When people are facing a challenge, they often don’t know where to find the help they need.
Enter 2-1-1, a live telephone service that directs callers to the right place, whether the need it for counseling, food, clothing, shelter, medical help, utility assistance or any number of other social services.
“It’s the number to call when you don’t know who to call,” said Batavia United Way Director Melinda Kintz, who spearheaded the effort to bring 2-1-1 service to Kane County.
With 2-1-1 making its debut in Kane County late last year, the service now covers 40 Illinois counties, with Kane being the largest.
Live specialists are on duty 24-hours-a-day, seven-days-a-week, at the Illinois 2-1-1 call center in Bloomington.
After an initial recording asking for a zip code, the caller is greeted by a trained volunteer who will provide information and if needed a direct transfer to the appropriate local agency.
The volunteers are trained to listen and to ask questions.
“We want to get the right referrals the first time,” said Karen Zangerle, Director of Providing Access to Health (PATH) which operates the call center. “It can be so frustrating to navigate the social service network."
Whether the caller is facing a crisis or simply needs some information, the volunteers are trained to help, she said.
“Sometimes they may just need to talk,” Zangerle said.
Callers can get contacts to obtain basic human needs, including food, shelter, rent and utility assistance.
Inquiries for physical and mental health resources comprise a large proportion of the calls, including information and contacts for health insurance programs, Medicaid and Medicare, along with crisis intervention services, including suicide hotlines.
Other callers are seeking employment, and the service connects them with job training, education programs and transportation assistance.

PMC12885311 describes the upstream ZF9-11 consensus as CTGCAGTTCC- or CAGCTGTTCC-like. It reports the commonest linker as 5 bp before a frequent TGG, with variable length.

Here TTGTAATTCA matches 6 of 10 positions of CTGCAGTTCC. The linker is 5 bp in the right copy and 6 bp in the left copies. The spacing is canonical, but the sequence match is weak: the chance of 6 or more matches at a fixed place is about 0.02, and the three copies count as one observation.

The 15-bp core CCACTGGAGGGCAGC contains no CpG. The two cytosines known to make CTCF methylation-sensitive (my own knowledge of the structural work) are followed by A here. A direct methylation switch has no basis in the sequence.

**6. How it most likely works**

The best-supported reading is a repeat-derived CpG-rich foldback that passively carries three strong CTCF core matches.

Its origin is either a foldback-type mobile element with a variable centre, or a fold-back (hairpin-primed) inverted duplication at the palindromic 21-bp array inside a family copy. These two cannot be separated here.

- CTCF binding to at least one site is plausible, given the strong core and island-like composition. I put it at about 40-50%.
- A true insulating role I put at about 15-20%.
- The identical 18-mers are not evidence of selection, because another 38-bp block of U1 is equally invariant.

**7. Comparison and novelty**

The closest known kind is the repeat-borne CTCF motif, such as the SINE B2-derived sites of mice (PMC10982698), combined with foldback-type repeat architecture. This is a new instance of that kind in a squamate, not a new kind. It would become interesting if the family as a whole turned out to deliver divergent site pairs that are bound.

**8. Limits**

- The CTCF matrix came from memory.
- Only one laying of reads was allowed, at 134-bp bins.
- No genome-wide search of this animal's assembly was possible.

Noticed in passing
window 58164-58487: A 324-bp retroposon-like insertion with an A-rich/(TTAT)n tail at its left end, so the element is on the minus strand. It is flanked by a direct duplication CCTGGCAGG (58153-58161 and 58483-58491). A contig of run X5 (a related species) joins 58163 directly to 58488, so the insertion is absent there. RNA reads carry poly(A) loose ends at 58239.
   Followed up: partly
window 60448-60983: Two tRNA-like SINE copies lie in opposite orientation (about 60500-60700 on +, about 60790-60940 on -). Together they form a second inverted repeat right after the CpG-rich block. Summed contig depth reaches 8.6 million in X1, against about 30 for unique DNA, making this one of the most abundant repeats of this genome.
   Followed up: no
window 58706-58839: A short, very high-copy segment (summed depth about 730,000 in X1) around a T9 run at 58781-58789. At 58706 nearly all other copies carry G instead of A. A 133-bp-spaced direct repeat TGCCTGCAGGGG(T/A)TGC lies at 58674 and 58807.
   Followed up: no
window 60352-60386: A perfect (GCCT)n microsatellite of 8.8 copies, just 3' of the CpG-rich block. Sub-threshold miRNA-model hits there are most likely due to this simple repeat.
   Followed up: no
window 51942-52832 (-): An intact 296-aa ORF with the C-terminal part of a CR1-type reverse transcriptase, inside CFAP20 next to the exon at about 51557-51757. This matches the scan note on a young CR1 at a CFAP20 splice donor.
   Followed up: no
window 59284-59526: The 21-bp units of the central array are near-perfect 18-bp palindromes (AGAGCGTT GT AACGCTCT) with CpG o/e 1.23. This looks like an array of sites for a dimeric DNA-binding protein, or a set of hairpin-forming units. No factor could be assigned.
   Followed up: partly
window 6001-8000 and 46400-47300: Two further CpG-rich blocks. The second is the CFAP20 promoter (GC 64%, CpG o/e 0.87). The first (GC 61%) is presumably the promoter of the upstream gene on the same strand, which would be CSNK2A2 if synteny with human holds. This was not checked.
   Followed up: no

For seniors and persons with disabilities, the volunteers help callers identify local adult day care centers, home health care and independent living programs.
The service also connects people with support for children and families, including afterschool programs, tutoring and other resources.
Calls for help for someone dealing with a drug or alcohol problem are common, Zangerle said.
“It’s often a family member or friend trying to figure out what to do,” Zangerle said.
A key component of the service is a follow-up call a day or two later, to ensure that the person in need was able to get the necessary assistance, Zangerle said.
Last year, Illinois 2-1-1 handled 60,000 calls, Zangerle said. Calls from Kane County are gradually increasing.
“It takes a while for a community to absorb a new service," Zangerle said.
The service was made possible in Kane County with funding from United Way and local school districts.
A major hurdle was arranging for all telephone service providers to gear their systems to handle 2-1-1 calls, said Kintz of the Batavia United Way.
The 2-1-1 service should be available for every landline and cell phone user in Kane County. However, if the 2-1-1 call does not go through, people may call toll-free at 1-888-865-9903 to reach the service.